A Union Not Blessed
In 1805, ex-Vice President Aaron Burr plots treason against the United States. The American Secret Service blackmails South American revolutionary, Sebastian Francisco de Miranda Rodriguez, to help expose him. But Burr is backed by the British, who are also anxious to remain friendly with Miranda. So while some British agents are trying to kill Miranda, others are trying to save him. Throw in a part-time whore who spies for England, a lady’s maid who is a cutthroat on the side, a General of dubious loyalty and a man married to his niece and living on an island in the Ohio River, and you have a busy plot. Wandering through the whole thing is a Boston lawyer, Macleod, whose innocence is his best protection as all the players in this murderous game use him to forward their own interests.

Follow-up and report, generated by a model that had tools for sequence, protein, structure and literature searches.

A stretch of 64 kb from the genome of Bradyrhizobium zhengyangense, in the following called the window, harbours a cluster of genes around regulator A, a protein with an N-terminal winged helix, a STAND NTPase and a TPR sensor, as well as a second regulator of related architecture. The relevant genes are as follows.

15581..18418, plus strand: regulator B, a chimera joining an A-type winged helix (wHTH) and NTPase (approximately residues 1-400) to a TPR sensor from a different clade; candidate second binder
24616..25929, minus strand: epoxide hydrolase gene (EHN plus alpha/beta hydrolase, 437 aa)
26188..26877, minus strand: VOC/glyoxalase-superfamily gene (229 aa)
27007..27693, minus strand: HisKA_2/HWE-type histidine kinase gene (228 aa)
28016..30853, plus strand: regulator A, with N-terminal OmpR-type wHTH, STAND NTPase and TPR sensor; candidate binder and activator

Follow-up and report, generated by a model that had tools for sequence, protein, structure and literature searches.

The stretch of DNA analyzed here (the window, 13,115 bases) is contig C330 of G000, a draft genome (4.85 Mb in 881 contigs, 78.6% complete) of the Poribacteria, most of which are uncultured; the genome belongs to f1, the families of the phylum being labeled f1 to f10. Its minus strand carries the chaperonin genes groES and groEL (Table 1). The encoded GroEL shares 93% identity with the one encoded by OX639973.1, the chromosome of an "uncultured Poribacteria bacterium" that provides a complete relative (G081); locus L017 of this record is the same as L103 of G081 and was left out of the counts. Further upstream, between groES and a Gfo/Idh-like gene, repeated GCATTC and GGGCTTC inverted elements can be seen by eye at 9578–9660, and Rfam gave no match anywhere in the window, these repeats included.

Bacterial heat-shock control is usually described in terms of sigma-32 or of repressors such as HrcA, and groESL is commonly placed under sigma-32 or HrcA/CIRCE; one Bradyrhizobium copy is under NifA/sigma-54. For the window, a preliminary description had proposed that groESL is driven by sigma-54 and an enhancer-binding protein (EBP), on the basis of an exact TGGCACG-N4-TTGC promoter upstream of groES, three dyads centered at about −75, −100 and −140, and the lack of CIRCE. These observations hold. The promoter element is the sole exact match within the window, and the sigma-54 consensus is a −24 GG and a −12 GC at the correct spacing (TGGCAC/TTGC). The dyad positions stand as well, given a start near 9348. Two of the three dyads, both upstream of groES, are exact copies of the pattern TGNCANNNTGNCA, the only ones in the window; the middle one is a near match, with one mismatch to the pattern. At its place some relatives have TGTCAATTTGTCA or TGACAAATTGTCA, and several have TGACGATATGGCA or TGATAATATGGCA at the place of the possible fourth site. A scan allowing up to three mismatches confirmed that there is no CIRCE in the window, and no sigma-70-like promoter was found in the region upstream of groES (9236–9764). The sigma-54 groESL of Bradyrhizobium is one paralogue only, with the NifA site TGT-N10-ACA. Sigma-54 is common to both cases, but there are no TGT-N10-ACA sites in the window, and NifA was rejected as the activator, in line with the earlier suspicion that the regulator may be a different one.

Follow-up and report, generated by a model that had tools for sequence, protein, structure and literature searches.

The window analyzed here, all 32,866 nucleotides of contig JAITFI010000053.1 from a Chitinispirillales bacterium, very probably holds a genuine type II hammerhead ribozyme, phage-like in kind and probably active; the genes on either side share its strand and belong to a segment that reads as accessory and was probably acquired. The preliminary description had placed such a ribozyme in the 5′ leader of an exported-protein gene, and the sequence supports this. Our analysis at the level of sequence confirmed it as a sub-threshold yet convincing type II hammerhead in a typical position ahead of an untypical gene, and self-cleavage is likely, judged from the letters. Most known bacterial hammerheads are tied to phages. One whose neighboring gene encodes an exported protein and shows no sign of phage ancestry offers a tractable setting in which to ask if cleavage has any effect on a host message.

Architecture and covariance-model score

With so many characters, it is to James Green’s credit that one seldom loses track of them. Despite this, the double crosses and multiple betrayals get increasingly difficult to follow. So complicated does it become that every so often characters have to explain what they are doing. This is well-managed, with the dialogue always credible, but that it is necessary at all is an indication that things have got out of hand. Losing a couple of sub-plots might make life easier for the reader.
The story whisks you along, and the historical background is credible. Miranda is particularly interesting. He was an important figure in the South American revolutionary movement, but not much known to the wider world nowadays. Unfortunately, a passing reference to the slave trade includes a basic error on the routes. This creates some doubt about Green’s care with historical accuracy.